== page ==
The vacuously comforting, deceptive words Ontario Health Minister Sylvia Jones uttered in response to the crisis plaguing the province’s health care system should be blasted over loudspeakers across Ontario’s emergency rooms (the ones that are still open).
“Let’s be clear: There is not a crumbling system in the province of Ontario.”
Her voice will bellow over triage in Queensway Carleton Hospital, where some Ottawa patients were rerouted this past weekend after two hospitals in the region were forced to close their ERs.
“We have a very strong health care system,” she will declare over the nursing station at St. Joseph’s Healthcare in Hamilton, where workers are being run off their feet to make up for critical staffing shortages and a 100-per-cent acute care occupancy.
“To suggest it is in crisis is completely inappropriate.” Her voice will rattle down the hallways at Mackenzie Health in Richmond Hill, Ont., where patients waited an average of 24.8 hours for a hospital bed in June – more than five hours longer than the provincial average. Her words will be a salve on the wounds of those waiting in triage – the only treatment they will get for hours – after hailing cabs to get to the ER, since no ambulances were available.
When asked whether the current health care situation in Ontario is unprecedented, Ms. Jones replied, ”No, I’m sorry, it is not,” which is both incorrect and not the winning defence she thinks it is. (Don’t despair, good people of Ontario: our health care system has always been on the verge of collapse!) It is true that the province has faced ER shutdowns before, but it has never faced such a confluence of compounding crises: record-high waits for ward admissions, record-high health care sector vacancies, unprecedented lengths and numbers of “level zero” events where there are no paramedics available to answer emergency calls, and a massive backlog of diagnostic procedures and surgeries that have already put lives at risk and quality-of-life in peril.
Perhaps the minister didn’t want to incite panic by acknowledging the obvious, in the same way the captain of the Titanic might try to calm his guests by telling them that the fish swimming around their ankles were part of that evening’s entertainment. But that approach only works if your patrons are dumb socialites who can’t see that you’ve left shore with too few lifeboats. The catastrophe that is the current state of Ontario’s health care system is visible to anyone who interacts with it, which eventually, will be everyone. The minister only makes herself seem appallingly uninformed by pretending otherwise – or worse, like she is trying to deliberately downplay the situation for political reasons.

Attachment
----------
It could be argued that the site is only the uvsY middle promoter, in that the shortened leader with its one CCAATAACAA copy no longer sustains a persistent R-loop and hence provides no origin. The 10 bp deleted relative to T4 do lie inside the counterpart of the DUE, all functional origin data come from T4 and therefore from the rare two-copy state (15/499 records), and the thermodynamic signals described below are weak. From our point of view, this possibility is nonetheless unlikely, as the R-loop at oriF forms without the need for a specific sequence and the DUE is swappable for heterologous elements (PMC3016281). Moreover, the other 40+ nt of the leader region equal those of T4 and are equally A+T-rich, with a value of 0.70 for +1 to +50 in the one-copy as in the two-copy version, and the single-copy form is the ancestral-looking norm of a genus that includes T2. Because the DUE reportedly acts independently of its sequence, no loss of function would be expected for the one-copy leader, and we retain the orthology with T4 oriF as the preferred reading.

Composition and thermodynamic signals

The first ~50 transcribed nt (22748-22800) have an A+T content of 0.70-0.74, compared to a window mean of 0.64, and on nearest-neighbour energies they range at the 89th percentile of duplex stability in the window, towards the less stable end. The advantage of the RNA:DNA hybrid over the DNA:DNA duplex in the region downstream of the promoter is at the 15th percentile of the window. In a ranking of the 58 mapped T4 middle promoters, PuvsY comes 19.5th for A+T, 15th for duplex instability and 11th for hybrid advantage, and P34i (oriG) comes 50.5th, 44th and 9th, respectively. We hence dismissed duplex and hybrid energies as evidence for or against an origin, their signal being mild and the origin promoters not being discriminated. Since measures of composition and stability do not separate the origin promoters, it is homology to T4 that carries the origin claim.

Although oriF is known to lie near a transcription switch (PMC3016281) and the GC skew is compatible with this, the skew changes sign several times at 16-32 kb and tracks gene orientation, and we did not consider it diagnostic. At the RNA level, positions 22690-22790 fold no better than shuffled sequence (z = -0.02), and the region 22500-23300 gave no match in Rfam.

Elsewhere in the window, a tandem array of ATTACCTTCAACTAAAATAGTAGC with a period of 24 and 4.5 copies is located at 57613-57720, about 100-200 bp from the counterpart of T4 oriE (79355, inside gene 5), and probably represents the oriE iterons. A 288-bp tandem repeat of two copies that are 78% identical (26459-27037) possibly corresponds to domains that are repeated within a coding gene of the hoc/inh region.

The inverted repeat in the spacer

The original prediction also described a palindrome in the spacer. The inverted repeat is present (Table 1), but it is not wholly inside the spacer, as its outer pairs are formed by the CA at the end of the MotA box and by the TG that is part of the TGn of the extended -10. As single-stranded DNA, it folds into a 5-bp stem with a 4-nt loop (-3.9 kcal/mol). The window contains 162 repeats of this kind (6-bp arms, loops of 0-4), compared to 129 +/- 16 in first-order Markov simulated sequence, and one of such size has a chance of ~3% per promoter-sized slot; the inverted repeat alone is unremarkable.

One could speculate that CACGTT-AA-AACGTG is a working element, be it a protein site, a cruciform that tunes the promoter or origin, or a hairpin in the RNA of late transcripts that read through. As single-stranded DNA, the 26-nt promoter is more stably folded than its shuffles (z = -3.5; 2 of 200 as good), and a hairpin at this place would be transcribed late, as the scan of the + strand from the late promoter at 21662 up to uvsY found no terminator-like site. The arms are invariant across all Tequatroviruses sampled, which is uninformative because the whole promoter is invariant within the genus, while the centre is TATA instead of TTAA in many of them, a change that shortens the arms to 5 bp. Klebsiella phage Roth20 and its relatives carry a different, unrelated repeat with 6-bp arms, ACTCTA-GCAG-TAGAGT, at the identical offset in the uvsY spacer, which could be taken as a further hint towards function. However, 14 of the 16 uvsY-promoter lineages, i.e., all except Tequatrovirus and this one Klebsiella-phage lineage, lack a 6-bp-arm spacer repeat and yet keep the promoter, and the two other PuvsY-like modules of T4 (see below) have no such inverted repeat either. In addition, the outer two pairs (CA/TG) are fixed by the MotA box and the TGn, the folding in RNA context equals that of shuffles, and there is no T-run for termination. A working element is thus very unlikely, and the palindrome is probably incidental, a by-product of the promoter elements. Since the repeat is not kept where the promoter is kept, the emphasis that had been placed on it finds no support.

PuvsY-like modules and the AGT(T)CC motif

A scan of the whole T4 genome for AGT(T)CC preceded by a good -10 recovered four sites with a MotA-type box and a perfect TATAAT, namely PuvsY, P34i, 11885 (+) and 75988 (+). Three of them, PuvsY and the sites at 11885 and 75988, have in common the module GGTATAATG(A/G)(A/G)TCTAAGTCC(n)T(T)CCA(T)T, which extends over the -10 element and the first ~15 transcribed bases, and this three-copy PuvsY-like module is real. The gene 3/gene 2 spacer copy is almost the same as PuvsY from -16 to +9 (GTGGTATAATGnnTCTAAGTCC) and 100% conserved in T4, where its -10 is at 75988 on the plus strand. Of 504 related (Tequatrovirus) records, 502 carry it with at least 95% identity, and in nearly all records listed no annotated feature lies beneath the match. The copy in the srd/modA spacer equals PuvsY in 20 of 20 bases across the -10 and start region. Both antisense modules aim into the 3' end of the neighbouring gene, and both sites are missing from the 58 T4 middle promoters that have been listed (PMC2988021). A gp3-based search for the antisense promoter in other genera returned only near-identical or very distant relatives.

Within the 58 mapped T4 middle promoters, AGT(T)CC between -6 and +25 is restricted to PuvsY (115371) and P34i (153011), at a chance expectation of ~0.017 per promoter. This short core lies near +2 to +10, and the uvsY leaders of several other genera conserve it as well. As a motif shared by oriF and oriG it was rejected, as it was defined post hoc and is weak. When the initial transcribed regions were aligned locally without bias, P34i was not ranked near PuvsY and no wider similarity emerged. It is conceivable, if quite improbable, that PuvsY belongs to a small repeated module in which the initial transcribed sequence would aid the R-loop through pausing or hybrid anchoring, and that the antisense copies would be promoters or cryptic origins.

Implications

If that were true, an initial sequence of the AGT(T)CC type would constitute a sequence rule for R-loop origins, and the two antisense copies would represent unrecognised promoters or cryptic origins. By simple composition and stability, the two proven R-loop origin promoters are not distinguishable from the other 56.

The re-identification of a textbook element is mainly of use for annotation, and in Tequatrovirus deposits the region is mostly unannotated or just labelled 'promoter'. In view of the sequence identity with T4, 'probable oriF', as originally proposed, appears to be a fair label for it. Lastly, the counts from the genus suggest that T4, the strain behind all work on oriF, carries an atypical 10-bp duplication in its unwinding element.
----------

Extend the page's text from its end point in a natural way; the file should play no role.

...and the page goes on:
The throne speech the Ontario government delivered on Tuesday both peddled the illusion that the province’s health care system is functioning adequately (“Ontario’s health system continues to provide care to those who need it”), while also acknowledging that it is experiencing “significant pressures, including an exhausted work force and increasingly stressed emergency departments.” It provided few specifics on plans to fix the system other than to note that the province “will not be limited by conventional thinking that stifles innovation and preserves a status quo that struggles to respond to growing challenges and changing needs.”
That last part offers an optimistic signal that the Ford government might be willing to actually implement bold reforms that strike at the heart of the inefficiencies plaguing the health care system: the silos that slow down patient care, for example; the billing structures that, among other things, disincentivize medical students from entering family practice; the concentration of surgical procedures in hospitals rather than outpatient ambulatory centres, and so on. But that optimism is easily deflated by a health minister who won’t even admit to the scale of the problem. If Ms. Jones can’t even bear to say the word “unprecedented,” how bold are her government’s reforms really going to be?
Even if Ms. Jones admits that the Titanic is sinking and gets behind some radical changes, meaningful improvements will still take years. But there are things the government can do in the short term to try to improve the situation in hospitals, such as lifting or amending the much-loathed Bill 124, which caps wage increases for nurses (and other public sector workers) at 1 per cent. The cost savings Ontario might have initially foreseen with this legislation is being offset by hospitals having to pay for private agency nurses or the doubling of normal staff wages to keep services running. The first step for the government of Ontario, however, is admitting it has a problem – and yes, an unprecedented one.
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